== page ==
Friday, July 25, 2008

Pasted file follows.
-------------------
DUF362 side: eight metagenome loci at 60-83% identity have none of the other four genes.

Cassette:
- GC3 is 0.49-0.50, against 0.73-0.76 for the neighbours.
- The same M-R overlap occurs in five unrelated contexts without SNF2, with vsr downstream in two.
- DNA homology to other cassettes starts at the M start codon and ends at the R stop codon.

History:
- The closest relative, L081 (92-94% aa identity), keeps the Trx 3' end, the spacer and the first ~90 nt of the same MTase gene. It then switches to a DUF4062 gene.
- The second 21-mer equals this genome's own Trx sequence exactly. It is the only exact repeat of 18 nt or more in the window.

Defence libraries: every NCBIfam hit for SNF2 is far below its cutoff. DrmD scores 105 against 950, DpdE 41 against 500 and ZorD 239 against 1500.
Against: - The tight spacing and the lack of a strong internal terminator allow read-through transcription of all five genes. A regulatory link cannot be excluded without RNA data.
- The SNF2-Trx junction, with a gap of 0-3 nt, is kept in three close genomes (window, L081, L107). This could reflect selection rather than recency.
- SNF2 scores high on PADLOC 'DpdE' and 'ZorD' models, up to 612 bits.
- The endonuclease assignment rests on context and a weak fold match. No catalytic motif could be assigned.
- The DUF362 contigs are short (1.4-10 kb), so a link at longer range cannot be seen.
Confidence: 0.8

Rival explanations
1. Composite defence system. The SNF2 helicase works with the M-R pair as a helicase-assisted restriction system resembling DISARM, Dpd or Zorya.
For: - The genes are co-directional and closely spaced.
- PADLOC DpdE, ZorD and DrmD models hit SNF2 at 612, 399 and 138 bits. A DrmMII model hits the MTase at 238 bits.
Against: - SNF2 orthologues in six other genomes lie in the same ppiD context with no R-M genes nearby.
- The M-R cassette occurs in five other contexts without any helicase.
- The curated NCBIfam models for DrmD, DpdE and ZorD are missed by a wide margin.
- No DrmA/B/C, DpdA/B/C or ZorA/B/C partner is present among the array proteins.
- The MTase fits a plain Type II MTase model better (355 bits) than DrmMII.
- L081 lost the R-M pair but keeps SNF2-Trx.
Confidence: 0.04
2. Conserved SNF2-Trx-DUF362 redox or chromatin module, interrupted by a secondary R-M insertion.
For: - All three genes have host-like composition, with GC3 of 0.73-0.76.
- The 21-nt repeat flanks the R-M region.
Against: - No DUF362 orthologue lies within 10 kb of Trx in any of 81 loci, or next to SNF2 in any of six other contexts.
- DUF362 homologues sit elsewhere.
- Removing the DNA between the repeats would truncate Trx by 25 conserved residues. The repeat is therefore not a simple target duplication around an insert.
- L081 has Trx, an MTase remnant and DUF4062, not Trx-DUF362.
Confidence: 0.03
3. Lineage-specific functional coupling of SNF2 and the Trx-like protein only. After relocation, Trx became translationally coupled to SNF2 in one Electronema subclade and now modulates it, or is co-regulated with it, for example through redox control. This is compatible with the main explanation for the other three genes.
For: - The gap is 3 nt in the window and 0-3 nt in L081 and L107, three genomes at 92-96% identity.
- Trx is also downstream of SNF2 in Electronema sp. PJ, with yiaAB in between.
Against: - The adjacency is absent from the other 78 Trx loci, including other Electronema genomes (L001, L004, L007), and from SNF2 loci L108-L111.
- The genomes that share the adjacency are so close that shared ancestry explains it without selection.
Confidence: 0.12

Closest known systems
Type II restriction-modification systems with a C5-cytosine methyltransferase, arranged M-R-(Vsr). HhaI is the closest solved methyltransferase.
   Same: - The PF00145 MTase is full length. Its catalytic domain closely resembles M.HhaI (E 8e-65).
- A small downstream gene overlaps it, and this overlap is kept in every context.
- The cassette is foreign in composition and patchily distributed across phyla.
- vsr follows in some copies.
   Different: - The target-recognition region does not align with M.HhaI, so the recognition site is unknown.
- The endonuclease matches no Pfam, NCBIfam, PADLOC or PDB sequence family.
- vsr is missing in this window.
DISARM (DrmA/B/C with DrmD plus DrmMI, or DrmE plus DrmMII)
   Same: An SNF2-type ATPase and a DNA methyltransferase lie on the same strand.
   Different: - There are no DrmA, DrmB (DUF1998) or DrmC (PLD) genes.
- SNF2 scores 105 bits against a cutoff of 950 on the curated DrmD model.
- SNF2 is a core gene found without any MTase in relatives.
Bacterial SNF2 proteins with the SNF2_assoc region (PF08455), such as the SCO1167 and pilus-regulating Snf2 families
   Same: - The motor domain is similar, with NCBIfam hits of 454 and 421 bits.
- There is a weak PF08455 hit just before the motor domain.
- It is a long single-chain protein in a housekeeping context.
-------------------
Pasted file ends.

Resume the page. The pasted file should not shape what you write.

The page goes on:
The House of Lords, Britain’s highest appellate court, ruled that there was “no point of law or general importance” that would justify further review in a case brought by Mostafa Kamel Mostafa, an Egyptian-born Muslim cleric who is fighting his extradition to the United States on terrorism charges. He faces criminal charges in the United States in an 11-count indictment for his part in a global plan to wage holy war against the United States. The cleric became well known for sermons in support of Al Qaeda and in praise of suicide bombers. The criminal charges against him in the United States include allegations that he masterminded a terrorist ambush in 1998 in which 16 foreign tourists (some of them Americans) were taken hostage in a remote area of Yemen. He is also charged with conspiring to establish a terrorist training camp in Oregon, to provide combat training for missions in Afghanistan. Jacqui Smith, the British Home Secretary, signed an order approving his extradition, and British officials said that the cleric would be extradited to the United States as soon as he exhausted his legal recourses in the United Kingdom. The cleric is serving a prison sentence in the United Kingdom, but had reached the point where he would have been eligible for release if he had not been indicted in the United States. Lawyers for the cleric said that they would try to appeal to the European Court of Human Rights to fight his extradition to the United States.